The definition of disability under the Equality Act 2010 is:
“A person (P) has a disability if P has a physical or mental impairment, and the impairment has a substantial and long-term adverse effect on his ability to carry out normal day-to-day activities”. (Section 6(1))
In the case of Banaszczyk v Booker Limited, the Claimant was employed as a picker in a distribution centre. It was his job to select cases and to lift and move cases by hand for loading onto pallet trucks. The cases could weigh up to 25kg. Following a car accident he developed a back condition: it was common ground that the back condition was a long-term physical impairment. There was occupational health evidence that this back condition impaired his performance in that he was unable to meet the “pick rate” – a target picking speed laid down by the Respondent. The Claimant was ultimately dismissed on the ground of incapability and brought proceedings alleging unfair dismissal and disability discrimination.
Was the Claimant disabled?
A preliminary hearing took place, at which the key question to be answered was whether the Claimant had a disability for the purposes of the Equality Act 2010. The focus of the attention was on the “substantial…effect on…normal day-to-day activities” element of the definition.
The Employment Judge held that his long-term physical impairment did not have a substantial effect on his carrying out normal day-to-day activities, so that he did not have a disability for the purposes of the Equality Act 2010.
The Claimant appealed to the EAT. The EAT had to decide whether the Claimant’s condition had a substantial adverse effect on his ability to carry out normal day-to-day activities.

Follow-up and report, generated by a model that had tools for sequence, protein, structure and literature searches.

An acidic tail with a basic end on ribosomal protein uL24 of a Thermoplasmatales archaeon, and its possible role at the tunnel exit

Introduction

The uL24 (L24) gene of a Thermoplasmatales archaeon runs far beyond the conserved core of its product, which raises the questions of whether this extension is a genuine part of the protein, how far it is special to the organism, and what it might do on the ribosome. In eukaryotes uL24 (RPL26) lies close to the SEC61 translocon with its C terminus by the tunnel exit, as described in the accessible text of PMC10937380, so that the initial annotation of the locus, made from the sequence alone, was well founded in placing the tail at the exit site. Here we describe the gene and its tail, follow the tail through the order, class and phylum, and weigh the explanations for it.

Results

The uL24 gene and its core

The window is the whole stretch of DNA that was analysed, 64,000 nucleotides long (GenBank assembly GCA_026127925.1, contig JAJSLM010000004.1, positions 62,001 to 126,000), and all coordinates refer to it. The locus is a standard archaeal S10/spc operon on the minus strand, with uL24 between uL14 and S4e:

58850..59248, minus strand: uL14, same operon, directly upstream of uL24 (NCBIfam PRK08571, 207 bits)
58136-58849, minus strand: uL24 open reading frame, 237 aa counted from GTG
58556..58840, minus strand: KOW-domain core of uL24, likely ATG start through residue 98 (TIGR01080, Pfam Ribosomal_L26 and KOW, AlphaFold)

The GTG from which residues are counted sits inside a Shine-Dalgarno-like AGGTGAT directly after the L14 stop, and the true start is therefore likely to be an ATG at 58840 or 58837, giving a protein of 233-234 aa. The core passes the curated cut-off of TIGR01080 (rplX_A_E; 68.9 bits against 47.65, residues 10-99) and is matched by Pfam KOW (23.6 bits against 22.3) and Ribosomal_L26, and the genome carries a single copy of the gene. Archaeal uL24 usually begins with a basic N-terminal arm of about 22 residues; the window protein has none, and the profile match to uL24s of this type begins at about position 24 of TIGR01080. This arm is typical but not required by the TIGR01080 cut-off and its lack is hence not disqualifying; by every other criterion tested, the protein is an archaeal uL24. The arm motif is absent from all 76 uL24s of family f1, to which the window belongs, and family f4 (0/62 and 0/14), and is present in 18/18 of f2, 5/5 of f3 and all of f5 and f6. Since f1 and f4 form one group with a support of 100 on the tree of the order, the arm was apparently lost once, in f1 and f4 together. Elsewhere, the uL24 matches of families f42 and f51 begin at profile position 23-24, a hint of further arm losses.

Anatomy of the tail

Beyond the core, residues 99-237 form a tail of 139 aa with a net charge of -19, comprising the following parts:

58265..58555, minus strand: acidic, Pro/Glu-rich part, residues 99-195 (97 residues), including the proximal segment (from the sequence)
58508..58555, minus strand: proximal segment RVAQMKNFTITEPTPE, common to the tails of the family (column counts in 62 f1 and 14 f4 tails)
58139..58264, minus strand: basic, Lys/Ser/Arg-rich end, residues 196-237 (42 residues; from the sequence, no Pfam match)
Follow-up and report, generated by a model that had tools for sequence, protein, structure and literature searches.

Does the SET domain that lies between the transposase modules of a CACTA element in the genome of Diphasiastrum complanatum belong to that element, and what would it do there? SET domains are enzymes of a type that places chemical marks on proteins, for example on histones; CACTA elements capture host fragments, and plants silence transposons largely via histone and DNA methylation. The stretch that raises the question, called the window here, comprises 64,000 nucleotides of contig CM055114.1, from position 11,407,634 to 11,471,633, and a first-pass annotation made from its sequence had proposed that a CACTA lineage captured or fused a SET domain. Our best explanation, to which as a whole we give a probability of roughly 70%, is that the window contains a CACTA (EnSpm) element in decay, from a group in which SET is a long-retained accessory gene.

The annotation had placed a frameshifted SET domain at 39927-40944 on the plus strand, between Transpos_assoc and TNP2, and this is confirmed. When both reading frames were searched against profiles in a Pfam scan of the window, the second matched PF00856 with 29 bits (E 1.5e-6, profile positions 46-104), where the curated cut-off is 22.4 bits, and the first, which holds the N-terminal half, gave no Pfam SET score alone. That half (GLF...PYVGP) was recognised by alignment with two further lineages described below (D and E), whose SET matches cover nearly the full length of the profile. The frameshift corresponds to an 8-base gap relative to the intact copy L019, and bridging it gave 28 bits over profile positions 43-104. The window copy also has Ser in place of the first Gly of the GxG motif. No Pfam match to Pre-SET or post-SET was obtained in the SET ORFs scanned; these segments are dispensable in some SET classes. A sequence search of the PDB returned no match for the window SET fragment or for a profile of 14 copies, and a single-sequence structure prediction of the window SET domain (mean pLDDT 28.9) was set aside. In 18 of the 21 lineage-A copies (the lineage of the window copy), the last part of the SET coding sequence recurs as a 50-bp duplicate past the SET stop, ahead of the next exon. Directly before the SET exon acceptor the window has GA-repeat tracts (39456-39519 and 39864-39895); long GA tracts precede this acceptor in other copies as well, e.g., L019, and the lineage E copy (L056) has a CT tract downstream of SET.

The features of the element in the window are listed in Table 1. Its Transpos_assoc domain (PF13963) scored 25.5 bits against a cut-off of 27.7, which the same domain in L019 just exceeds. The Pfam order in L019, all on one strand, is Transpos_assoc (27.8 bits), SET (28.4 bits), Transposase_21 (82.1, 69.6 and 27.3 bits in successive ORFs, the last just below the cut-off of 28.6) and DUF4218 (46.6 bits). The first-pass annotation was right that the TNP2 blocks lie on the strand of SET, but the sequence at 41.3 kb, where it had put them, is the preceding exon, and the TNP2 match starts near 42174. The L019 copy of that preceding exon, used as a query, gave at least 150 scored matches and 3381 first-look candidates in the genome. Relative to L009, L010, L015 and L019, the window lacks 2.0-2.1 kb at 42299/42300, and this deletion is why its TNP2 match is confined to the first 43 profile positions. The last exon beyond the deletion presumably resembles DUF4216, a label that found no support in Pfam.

There is no definition of “normal day to day activities” in the Equality Act 2010, however, non-binding guidance has been issued to assist in determining questions relating to the definition of disability. That guidance acknowledges that some work activities may be so specialised that they do not fall within the scope of “normal day-to-day activities”. The EAT stated that it was impossible to discern the reasoning behind the Employment Judge’s decision. For that reason, the Claimant’s appeal was upheld.
The EAT went on to hold that the Employment Judge was wrong to hold that carrying loads of over 25 kg was not a normal day-to-day activity. The EAT said:
“It is plain that the Claimant’s physical impairment had an adverse effect on his ability to do his work…. The facts about his normal day-to-day activities at work were undisputed. He was a warehouse operative lifting and moving goods in part manually and in part by the use of a pallet truck; and the goods might weigh up to 25kg. This is, in the context of work, a normal day-to-day activity.”
The EAT gave weight to the fact that large numbers of people are employed across the UK to do work of this nature. Further, because the Claimant was, due to his impairment, significantly slower than others when carrying out this activity, the effect of his condition was to be regarded as substantial and he did, therefore, satisfy the definition of a disability.
This case appears to be bad news for employers who want to argue that an employee carrying out a specialised function doesn’t fall within the scope of the disability protection. The case suggests that even a technical part of an employee’s role may be accepted as a day to day activity. We would therefore advise caution in claiming that specialised work does not amount to a “normal day to day activity”. An employer who believes that might be able to rely on this argument should take specialist legal advice to ensure they know and understand their obligations.
Claire Lawry is a paralegal and based in the employment team in Exeter. If you would like to contact Claire with regards to the content in this article, then please call 01392 210700 or email firstname.lastname@example.org.